Koelreuteria paniculata (Goldenrain tree). Also called the India Tree, the Varnish Tree, the China Tree, or the Chinese Scholar Tee.
The Goldenrain tree is native to Eastern Asia and appears to be distributed mostly in the eastern temperate half of China, and especially in Central China, found in smaller populations in the Korean peninsula, along the coasts bordering the Yellow Sea and in a smattering of places on Honshu island. They are usually found around tomb areas, shrines and temples, giving the suggestion that the seeds or seedlings must have been dispersed by people or animals from elsewhere. In Japan, tradition has it that the tree is often planted over the graves of scholars. The tree has traditional medicinal uses for treatment of eye problems (ephiphora and conjunctivitis) which may be why it was traditionally grown around scholars (many whose eyes must have been saved by the tree in ancient times).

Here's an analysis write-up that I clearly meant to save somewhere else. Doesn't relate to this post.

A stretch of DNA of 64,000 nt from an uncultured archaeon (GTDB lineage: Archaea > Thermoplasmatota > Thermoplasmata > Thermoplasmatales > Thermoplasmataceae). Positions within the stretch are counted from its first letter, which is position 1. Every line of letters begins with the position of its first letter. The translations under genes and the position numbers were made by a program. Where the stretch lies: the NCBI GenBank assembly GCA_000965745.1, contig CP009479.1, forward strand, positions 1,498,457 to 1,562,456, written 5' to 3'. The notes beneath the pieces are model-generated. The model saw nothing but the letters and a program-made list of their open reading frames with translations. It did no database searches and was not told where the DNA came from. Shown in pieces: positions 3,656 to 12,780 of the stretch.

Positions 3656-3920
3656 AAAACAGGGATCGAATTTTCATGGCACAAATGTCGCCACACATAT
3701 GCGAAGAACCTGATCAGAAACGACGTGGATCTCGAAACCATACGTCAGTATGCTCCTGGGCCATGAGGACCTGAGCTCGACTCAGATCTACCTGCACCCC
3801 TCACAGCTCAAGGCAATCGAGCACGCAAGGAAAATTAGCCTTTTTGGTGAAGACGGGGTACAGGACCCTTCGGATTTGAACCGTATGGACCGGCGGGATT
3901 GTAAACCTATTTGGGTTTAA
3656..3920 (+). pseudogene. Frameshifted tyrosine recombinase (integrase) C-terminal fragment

In China, the trees are known as ‘Luan’ or ‘Luan-hua’. The flowers are used by the Chinese to make a yellow dye and traditional medicines. The leaves are for dyeing black and the seeds are made into beads.
More recently, Chinese researchers have found that Goldenrain trees planted in abandoned mining areas actually remove heavy metals from contaminated soils while beautifying the landscape.
It is today commonly grown as an ornamental garden tree.
Sources and readings:
Chinese Medicinal Herbs: A Modern Edition of a Classic Sixteenth-century Manual by Shizhen Li, Porter Smith, George Arthur Stuart, pp 227-228.